The restructuring would itself render AngloGold debt free apart from existing guarantees to comply with reserve bank conditions.
Most of the $2.1-billion raised would be used to repay debt and allow AngloGold to retain flexibility and strengthen its balance sheet.
Execution, planned for 2015, was subject to shareholder approval at a general meeting, as well as regulatory and third-party consents.
AngloGold said that it had returned to production growth, commissioned two new projects and significantly reduced costs against the background of a 25% drop in the gold price in the last two years.
Second-quarter production had increased 17% to 1.098-million ounces, all-in sustaining costs lowered 19% to $1 060/oz, corporate and marketing costs cut 65% to $20-million and earnings before interest, taxes, depreciation and amortisation increased 33% to $382-million while a record safety performance was posted.
Edited by: Creamer Media Reporter

AngloGold springs London Newco surprise, sets out to raise $2.1bn

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September 9, 2014

#Mexico will see significant growth from the coming huge private investment in #energy #MasterEnergy

Total private investment in energy may reach $161bn between 2014 and 2020.

Mexico counting on huge private investment in energy

Beyondbrics -

Mexico’s energy reform is all about boosting investment and thus production. But the million dollar question is: just how much investment will flood in, and to what type of resource, when fields are put on the block starting from next year?
Ernesto Marcos, a former CFO of Pemex, the Mexican state company, has hazarded what looks like the first comprehensive guess.
His estimates, which Franklin Templeton Investments publishes in a note to clients, reckon that Mexico can count on $29bn in private investment in energy in 2018, the end of the administration of Enrique Peña Nieto, equivalent to 1.9 per cent of GDP. In 2020, the investment total could be $50bn, or 3 per cent of GDP, he reckons. Total private investment in energy may reach $161bn between 2014 and 2020.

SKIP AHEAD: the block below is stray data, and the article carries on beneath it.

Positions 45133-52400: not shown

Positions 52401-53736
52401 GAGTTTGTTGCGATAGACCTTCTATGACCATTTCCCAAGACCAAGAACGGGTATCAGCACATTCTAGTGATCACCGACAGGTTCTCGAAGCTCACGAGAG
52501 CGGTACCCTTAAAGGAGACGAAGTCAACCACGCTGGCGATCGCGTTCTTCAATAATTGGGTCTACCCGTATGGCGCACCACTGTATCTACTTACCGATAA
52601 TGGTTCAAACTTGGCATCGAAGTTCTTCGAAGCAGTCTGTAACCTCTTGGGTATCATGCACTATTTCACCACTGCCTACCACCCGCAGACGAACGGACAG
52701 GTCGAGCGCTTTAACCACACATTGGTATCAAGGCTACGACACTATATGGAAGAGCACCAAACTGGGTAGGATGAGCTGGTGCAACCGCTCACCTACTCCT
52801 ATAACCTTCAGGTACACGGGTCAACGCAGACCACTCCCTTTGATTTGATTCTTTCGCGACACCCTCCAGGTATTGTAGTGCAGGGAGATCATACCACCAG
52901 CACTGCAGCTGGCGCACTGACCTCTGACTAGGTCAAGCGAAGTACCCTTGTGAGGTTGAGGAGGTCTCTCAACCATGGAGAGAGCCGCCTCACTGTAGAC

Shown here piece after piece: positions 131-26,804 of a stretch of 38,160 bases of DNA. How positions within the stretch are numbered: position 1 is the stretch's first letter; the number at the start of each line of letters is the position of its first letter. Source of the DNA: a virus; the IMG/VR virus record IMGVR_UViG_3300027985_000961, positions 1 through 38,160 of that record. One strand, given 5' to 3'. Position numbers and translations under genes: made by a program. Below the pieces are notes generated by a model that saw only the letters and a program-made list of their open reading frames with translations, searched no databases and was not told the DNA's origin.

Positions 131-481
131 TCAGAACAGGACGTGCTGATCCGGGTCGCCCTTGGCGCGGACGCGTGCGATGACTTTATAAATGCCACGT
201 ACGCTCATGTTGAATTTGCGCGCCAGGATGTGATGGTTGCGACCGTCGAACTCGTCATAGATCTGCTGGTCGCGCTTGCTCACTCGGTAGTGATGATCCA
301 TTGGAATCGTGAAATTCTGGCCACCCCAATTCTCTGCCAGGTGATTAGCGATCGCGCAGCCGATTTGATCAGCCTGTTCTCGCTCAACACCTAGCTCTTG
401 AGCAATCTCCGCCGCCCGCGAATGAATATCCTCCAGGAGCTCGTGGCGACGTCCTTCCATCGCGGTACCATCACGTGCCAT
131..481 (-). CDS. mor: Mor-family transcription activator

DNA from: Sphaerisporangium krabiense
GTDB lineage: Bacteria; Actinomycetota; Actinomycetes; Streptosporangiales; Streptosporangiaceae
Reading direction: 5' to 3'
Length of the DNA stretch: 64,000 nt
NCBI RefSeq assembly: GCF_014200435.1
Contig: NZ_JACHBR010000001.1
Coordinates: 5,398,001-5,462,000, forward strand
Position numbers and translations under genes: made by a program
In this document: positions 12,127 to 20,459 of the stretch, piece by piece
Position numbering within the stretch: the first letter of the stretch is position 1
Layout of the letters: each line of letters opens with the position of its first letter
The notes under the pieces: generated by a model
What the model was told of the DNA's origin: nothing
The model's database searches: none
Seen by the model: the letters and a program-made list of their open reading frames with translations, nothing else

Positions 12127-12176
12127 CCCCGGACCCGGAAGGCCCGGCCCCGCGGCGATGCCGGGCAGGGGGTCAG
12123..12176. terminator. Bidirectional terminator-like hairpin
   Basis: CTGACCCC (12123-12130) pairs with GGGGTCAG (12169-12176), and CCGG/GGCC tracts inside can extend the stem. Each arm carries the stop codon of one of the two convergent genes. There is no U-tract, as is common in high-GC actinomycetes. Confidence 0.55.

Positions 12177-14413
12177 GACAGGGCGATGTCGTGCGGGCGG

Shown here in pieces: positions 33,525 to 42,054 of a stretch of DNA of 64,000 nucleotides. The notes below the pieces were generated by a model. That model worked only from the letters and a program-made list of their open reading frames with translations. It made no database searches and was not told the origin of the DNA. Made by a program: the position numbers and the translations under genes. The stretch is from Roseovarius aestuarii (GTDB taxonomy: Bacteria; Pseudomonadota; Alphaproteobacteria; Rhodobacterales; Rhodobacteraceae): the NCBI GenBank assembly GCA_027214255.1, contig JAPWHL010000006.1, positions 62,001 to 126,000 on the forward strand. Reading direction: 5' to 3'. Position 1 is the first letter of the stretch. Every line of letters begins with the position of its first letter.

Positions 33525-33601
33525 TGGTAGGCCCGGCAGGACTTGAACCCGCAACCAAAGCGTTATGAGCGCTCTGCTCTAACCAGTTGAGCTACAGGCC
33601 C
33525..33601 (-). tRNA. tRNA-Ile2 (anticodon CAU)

How will the investment be broken down per sector? Mexico, after all, has a wealth of opportunities, including shale plays that are the geological continuation of US formations, and deep-water riches. But shale faces significant challenges including lack of water and infrastructure, and being located in areas prone to drug cartel violence that will add security concerns. Hydrocarbons in the depths of the Gulf of Mexico will take big investment and many years to extract.
Shale, not unsurprisingly, is expected to get off to a slow start with investment of $1bn next year. But it could gather pace speedily to $3bn in 2017, $6bn in 2018, $9bn in 2019 and $12bn in 2020, when Marcos’ consultancy, Marcos & Asociados, expects it to account for more than a fifth of all private energy investment in Mexico.
Investment in deep-water prospects is also expected to hit $6bn by the end of this administration, increasing to $9bn by 2020. The slightly slower pace underscores how much of a long-term investment deep-water is.
Most investment next year is likely in mature fields and gas pipelines. Gas processing is expected to take off from 2018, while mature fields and refinery modernisations will attract some $6bn each in 2020, according to the forecast.
Here are Marcos & Asociados’ estimates in full:

Source: Franklin Templeton Investments
So with Mexico’s economy set to grow still below initial expectations – the government is forecasting 3.7 per cent for next year – just how much will all this hydrocarbons investment boost the economy?
Significantly, Franklin Templeton says:
We still do not have a macroeconomic model that will translate this additional investment into growth for the Mexican economy. However, similar experiences of liberalising the energy sector in Brazil and Colombia indicate a multiplier effect from the additional investment of at least 1:1 on GDP.
We also have to take into account that these estmates do not include additional investment from the opening up of the electricity sector. This implies that an estimate of a level of growth of another 2 per cent of GDP from 2018 onwards ould be reasonable.
Of course, Pemex, the state oil company that is losing its monopoly, will continue to be a major player: Its investment budget from 2014-2020 alone is $209bn. Put that together with private investment and Mexico’s hydrocarbons sector is expected to suck in a whopping $370bn by 2020.
Fasten your seatbelts then. Mexico’s energy sector looks like being an exciting ride.

September 3, 2014

Top 50 #Gold mines contain more than 33.5% of the world’s gold #Infographic

What is the Cost of Mining Gold?